For most student-athletes, the first year at a new school or on a new team means a gradual process of getting comfortable, of settling in and putting down a foundation for future achievement.
Kristin Clarke is that rare student athlete who has accelerated the process.
The first-year Respiratory Therapy student is also in her inaugural season as the third for Nova Scotia’s junior women’s curling rink and the skip of the women’s team at Dalhousie. It’s been anything but a slow start for the Hammonds Plains, N.S. native, as her teams have racked up gold medals on the national and international stage.
Back in January, Kristin and her Nova Scotia teammates Mary Fay (skip), Karlee Burgess (second) and Janique Leblanc (lead) won the Canadian Junior Curling Championship in Stratford, Ont. The victory earned the rink the chance to represent Canada at the World Junior Curling Championships in Denmark.
On March 13, Kristin and Team Canada earned a 7-4 win over the USA team to capture the world title.
“It’s been indescribable — it still feels surreal,” says Kristin. “It’s been my dream for so long and to have it come true is such an unreal feeling.”
Kristin says the international experience was rewarding from both a competitive and personal perspective.
“First of all, just to wear the maple leaf and know that we were Team Canada was such an amazing feeling. And going to Copenhagen, it’s such a beautiful city and we had a couple days before we started playing where we were able to tour around and experience it.
“That actually made it feel more real: that we were in another country, competing for Canada."
According to Kristin, the strong bonds she has with her teammates are a key reason they’ve been so successful.
“I think it’s honestly just our work ethic and our team chemistry. Both of those factors make it easier for us to perform on the ice,” she says. “We put a lot of practice time in and when you get along and you’re able to motivate each other, it makes it so much easier.”
Kristin’s winning streak goes beyond her world championship run with Fay’s rink. She’s also the skip of the Dal team — which includes Alicia Brine, Raquel Bachman, Hayley McCabe Naish and Emily MacKenzie — that won the Atlantic University Sport (AUS) women’s championship in February.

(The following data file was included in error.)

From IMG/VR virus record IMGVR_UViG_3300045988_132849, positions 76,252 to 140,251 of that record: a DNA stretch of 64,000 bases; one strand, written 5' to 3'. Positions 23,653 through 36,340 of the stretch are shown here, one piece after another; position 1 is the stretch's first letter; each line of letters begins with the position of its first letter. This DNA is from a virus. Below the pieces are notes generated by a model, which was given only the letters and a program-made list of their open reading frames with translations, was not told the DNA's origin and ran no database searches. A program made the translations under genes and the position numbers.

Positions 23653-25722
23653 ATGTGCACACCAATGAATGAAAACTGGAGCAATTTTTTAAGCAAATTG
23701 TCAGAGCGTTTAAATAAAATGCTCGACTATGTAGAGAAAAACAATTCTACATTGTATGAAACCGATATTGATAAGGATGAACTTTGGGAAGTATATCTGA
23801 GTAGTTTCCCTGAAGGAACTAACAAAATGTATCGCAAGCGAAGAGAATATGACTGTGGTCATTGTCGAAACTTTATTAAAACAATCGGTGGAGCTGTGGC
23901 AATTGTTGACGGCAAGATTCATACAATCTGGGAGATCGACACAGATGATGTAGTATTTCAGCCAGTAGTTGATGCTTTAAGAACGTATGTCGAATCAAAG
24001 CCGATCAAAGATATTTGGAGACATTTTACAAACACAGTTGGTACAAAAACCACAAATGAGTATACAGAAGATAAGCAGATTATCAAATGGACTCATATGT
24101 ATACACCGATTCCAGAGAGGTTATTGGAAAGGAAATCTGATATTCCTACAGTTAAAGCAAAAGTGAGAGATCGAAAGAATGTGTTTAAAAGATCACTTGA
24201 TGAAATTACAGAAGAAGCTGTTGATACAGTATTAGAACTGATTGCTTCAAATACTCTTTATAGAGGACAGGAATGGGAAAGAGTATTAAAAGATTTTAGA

As with her world champion teammates, Kristin says the Dal rink has succeeded with a mix of skill, determination and closeness.
“We all put a lot of time into curling and we get along so well.”
Just a few days after returning from Denmark, Kristin was on a flight to Kelowna, BC for the Canadian Interuniversity Sport (CIS) championship tournament. She believes that Dal rink has what it takes to rise above some tough competition.
“There’s certainly some big names that are going to be there this weekend, but if we bring our ‘A’ game we can definitely come out on top.”
As of Monday morning (March 21), the Dalhousie team is 2-0 in round-robin competition, earning victories over Alberta and Brock. The tournament runs through Wednesday.
Finding a balance
A CIS championship would cap a year of winning, globetrotting and balancing the demands of school and competition for Kristin. She’s grateful to the professors who’ve accommodated her unusual schedule and the friends and classmates who have supported her.
“It’s certainly a juggling act,” she says. “My professors have been very accommodating and super-helpful throughout this journey. They’ll work around things and help me out to make sure I’m getting along and understanding the material, even when I’m away.
As for her classmates: “We’re really close-knit and they were all super supportive and proud of me when I came back (from worlds). It’s a nice feeling.”
Kristin is driven to pursue curling to the highest levels of competition and hopes to one day compete in senior-level national and international events, including the Olympics. “I want to take it as far as I can and know that I did my best to get there.”
At the same time, she’s also dedicated to fulfilling another dream through her studies. “Once I complete my degree I’ll be able to work as a respiratory therapist, and that’s something I can do to help other people.”
In a year of firsts, Kristin has gone far beyond simply laying the groundwork for the future. And while she continues to pursue her goals in curling and in the classroom, she can look back fondly at the past few months.
“It’s been an amazing year.”
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